Do I have to sign the divorce papers if I don't agree?
A legal separation is a trying and difficult process any couple can go through. This process becomes more challenging when you realize that your spouse doesn’t want to fix the marriage. So, do you have options if your partner is planning a divorce, but you are not ready to give up on the marriage? Should you sign the divorce if you don’t want to?
Regardless of how difficult it is to face divorce, you need to be involved in court proceedings to ensure you don’t lose what you are entitled to. It’s essential to note that your spouse does not necessarily require your participation to get divorced from you. Provided he or she notifies you after the petition is filed and follows the rules of the court, he or she can acquire a final divorce decree in court.
Common reasons for not signing divorce papers
• Denial. Everybody experiences feelings of rejection or disbelieve particularly when it comes to divorce. Are you getting it difficult to believe that your marriage is really over? This is a stage of grief that you will learn to accept if you get professional help.
• You believe you won’t get divorced if you don’t sign the papers. Do you think that both of you have to agree to get divorced? The fact is that, although it takes two willing people to get married, it only takes one to dissolve the marriage. Even if you refuse to sign the divorce papers, you will just prolong the process, but you won’t stop your spouse from leaving you.
• You think your spouse will change their mind when you hold out. Are you taking your time before signing your divorce papers because you believe your spouse will change their mind? If you are thinking of trying marriage counseling or a couple’s retreat to repair your marriage even though your spouse wants to get divorced, you are on the wrong path. The chances are that they are not interested in coming back to the marriage.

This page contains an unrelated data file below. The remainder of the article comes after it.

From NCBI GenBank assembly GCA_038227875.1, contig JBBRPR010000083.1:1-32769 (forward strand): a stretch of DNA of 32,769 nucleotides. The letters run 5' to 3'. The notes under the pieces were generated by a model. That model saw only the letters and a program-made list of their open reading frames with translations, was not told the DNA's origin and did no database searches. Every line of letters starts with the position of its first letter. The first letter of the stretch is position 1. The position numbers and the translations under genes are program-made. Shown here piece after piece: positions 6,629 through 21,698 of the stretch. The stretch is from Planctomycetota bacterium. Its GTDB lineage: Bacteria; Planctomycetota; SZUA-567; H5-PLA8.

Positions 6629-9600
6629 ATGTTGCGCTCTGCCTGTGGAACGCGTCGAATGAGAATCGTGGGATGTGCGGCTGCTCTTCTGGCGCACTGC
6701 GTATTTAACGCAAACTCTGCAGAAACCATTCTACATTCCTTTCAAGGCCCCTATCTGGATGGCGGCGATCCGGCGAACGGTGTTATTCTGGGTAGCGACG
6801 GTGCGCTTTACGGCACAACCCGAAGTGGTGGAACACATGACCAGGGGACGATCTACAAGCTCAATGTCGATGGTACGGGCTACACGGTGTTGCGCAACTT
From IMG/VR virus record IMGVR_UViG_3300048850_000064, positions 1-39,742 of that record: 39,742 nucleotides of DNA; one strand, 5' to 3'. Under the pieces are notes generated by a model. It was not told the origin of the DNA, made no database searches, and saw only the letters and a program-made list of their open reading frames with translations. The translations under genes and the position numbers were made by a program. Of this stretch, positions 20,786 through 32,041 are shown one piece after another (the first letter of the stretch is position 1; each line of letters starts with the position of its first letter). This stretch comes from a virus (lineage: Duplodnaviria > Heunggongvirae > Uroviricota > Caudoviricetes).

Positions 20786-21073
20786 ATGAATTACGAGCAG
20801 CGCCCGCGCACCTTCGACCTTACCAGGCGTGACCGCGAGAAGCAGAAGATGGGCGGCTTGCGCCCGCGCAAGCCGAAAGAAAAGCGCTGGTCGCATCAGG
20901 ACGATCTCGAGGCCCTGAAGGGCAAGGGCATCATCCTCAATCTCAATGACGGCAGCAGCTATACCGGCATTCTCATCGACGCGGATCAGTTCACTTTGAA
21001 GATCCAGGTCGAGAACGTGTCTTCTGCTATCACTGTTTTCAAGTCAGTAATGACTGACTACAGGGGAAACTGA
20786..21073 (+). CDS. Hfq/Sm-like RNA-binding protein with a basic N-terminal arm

• You are afraid of change. Divorce will change every part of your life. Many things will change, and perhaps you are not ready to get divorced like your partner. If you are terrified of losing control, or you don’t do well with change, this will make you decline to sign the papers.
• You get financial support from your spouse. If your partner has always been the breadwinner, it will be difficult for you to sign divorce papers. You may be asking yourself how you will survive without their support especially if you have children.
Petition and notice
Even if you refuse to sign the divorce papers, your spouse may file a divorce petition including other forms needed by your state in a divorce court where anyone of you lives. This petition will have information about you, your spouse, and your children, including the marriage itself. The reason for divorce will also be included as well as the marital assets and debts. Once the petition is filed, you will be notified via the method the court requires. This notice form will inform you of how long you have to sign the divorce papers.
Service by publication
If you are avoiding these papers, your spouse may not need to find you. If they can’t locate you or send the notice to you, the judge can allow them to publish the notice in a local newspaper for a certain number of days. This notice will indicate when it was filed, the day of the hearing, the amount of time you have to respond, including the court the divorce case was filed in. Such notice is sufficient in case your spouse can’t find you. Sometimes the court can send someone to try to locate you before your spouse is allowed to serve the notice by publication. Once the notice is published for the required amount of days, your spouse will proceed with divorce even without your participation.
In case the publication is done, and you fail to respond to the notice, your spouse can ask the court to give them a final divorce hearing. Here, the judge may award him or her judgment by default. This judgment is usually offered when the court summons a spouse, but they don’t respond. In such a situation, the judge will make a ruling based on facts your spouse has provided. This means he or she will get the divorce by their terms even if you do not agree with some of the things that were stated in the petition.
Since response forms are included in the divorce papers, consider using them to state the reasons why you don’t agree with the petition. Make sure you file this answer before the deadline the court has provided so that you can contest the divorce. However, your contest needs to be in good faith –you should dispute legitimate issues like child custody instead of delaying the proceedings when you don’t have a valid reason. You may also file a counterclaim and include your answer. Counterclaims are designed to propose your new terms for the divorce, including the division of marital debts and assets.
To succeed in this process, consider hiring a professional divorce lawyer to handle your case. Other than offering expert advice, they will help you get a favorable judgment.